Norway has maintained its objection, and continues to conduct commercial whaling in the North Atlantic. There is a shrinking domestic market for whale meat and in recent years Norway has normally caught 400-500 whales (which is around half its self-allocated catch limit).
Initially, Iceland did not object to the moratorium, but hunted whales for ‘science’ until 1989. In 1992, Iceland left the IWC, but rejoined in 2002 with a retroactive reservation to the moratorium. Iceland resumed whaling in 2003 for ‘scientific research’ and resumed commercial whaling in 2006, although polling has revealed only around 5% of Icelanders claim to eat whale meat regularly (Gallup, 2010). In 2011, Iceland continues to hunt minke whales but this season’s fin whaling is currently on hold with whaling station employees laid off due to lack of market for the meat.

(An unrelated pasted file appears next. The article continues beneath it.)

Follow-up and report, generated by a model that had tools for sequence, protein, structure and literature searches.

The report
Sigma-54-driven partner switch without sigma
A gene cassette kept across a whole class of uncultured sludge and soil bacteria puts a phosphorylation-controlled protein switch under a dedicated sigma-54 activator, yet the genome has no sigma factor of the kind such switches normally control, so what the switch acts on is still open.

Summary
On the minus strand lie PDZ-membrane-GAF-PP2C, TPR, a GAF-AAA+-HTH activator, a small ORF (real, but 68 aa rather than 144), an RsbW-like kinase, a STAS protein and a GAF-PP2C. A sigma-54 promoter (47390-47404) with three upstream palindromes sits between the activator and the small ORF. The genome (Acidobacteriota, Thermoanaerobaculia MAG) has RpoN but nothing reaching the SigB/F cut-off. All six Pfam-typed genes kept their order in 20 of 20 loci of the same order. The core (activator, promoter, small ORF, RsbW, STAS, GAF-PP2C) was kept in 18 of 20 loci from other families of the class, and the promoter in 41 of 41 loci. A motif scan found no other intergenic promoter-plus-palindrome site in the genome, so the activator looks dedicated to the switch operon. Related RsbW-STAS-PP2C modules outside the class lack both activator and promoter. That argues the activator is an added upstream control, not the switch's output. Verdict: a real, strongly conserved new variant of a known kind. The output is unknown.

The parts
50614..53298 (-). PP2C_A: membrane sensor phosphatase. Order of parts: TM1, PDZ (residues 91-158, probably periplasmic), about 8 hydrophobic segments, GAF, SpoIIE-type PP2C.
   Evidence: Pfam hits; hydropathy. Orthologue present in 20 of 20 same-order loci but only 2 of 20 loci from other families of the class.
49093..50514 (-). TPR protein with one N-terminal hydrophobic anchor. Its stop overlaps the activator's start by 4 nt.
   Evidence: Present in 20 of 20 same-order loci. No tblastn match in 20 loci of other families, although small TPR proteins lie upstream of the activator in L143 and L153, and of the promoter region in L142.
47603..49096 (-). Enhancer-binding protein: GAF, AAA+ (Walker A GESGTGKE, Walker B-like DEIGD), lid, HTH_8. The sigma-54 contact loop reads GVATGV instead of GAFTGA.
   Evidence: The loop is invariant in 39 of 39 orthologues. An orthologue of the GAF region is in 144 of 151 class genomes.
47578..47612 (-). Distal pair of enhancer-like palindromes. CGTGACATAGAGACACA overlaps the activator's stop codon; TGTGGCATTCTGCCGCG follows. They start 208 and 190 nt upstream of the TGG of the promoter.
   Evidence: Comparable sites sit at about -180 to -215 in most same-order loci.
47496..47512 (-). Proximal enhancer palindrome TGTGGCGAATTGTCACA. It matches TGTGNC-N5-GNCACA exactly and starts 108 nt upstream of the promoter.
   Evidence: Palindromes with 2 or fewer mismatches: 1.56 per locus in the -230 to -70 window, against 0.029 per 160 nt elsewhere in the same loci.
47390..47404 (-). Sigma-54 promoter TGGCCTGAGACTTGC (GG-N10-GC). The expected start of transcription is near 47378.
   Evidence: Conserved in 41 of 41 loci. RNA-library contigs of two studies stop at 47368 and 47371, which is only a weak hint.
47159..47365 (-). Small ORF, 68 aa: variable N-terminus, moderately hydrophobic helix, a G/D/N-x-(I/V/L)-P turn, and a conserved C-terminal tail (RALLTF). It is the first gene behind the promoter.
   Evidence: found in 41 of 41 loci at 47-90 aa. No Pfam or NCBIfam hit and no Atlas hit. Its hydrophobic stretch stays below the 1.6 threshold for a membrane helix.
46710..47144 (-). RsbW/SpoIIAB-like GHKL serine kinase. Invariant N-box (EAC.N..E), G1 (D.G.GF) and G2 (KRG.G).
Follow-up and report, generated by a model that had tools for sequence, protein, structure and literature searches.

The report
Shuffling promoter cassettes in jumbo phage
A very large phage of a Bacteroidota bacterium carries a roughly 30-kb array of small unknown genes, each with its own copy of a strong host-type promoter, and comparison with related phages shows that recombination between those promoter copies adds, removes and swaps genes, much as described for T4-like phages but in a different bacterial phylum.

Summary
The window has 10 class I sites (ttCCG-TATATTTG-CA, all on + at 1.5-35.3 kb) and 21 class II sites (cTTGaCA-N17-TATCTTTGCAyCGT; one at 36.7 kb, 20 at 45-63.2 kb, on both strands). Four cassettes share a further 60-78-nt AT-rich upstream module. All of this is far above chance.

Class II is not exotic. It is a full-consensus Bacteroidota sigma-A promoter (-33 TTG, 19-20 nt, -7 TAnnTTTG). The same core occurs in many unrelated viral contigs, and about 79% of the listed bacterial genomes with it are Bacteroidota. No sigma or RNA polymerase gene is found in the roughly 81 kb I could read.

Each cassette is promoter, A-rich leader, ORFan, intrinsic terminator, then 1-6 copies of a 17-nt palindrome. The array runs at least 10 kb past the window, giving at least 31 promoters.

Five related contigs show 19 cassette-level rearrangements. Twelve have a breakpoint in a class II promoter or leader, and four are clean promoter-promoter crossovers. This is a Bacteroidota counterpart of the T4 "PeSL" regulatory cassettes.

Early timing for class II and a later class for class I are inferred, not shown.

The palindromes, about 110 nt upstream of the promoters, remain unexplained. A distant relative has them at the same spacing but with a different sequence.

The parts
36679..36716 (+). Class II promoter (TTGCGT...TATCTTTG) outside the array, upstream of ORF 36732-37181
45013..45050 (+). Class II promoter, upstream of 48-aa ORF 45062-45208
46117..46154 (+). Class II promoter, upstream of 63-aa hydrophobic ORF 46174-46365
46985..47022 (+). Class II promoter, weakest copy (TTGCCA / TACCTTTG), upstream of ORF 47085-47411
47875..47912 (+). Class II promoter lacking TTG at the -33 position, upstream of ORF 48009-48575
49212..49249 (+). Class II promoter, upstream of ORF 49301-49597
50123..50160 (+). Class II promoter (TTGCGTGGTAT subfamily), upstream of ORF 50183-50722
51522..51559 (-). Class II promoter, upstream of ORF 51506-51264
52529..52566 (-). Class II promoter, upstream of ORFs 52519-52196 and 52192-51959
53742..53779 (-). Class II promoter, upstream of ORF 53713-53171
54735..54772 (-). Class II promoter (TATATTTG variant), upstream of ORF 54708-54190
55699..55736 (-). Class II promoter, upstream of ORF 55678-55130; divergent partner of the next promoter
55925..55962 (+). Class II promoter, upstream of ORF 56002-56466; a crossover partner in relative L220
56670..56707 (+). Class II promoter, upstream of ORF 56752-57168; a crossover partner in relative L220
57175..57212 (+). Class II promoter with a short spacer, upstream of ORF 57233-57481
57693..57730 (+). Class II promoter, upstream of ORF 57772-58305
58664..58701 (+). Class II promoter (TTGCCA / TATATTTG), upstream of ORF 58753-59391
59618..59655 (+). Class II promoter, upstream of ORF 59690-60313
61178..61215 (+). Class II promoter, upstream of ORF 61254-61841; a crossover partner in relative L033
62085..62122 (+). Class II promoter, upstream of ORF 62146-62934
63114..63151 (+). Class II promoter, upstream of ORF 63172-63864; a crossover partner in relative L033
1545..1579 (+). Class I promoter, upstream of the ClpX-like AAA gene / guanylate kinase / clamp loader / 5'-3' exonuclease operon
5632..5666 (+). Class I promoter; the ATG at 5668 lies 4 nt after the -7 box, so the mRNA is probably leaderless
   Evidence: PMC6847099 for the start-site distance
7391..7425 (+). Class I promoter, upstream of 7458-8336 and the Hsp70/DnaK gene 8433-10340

About Song of the Whale (SOTW) - SOTW uses hydrophones and photo identification methods to carry out research on whales and other cetaceans in a way that neither harms nor disturbs them. SOTW is managed and operated by Marine Conservation Research Limited (MCR) on behalf of IFAW. In recent years SOTW has carried out a variety of projects, including collaborating with governments in Mediterranean states on studies of sperm whale distribution and abundance. To find out more on SOTW’s work or enquire about chartering the vessel for a project, research survey or expedition visit www.marineconservationresearch.co.uk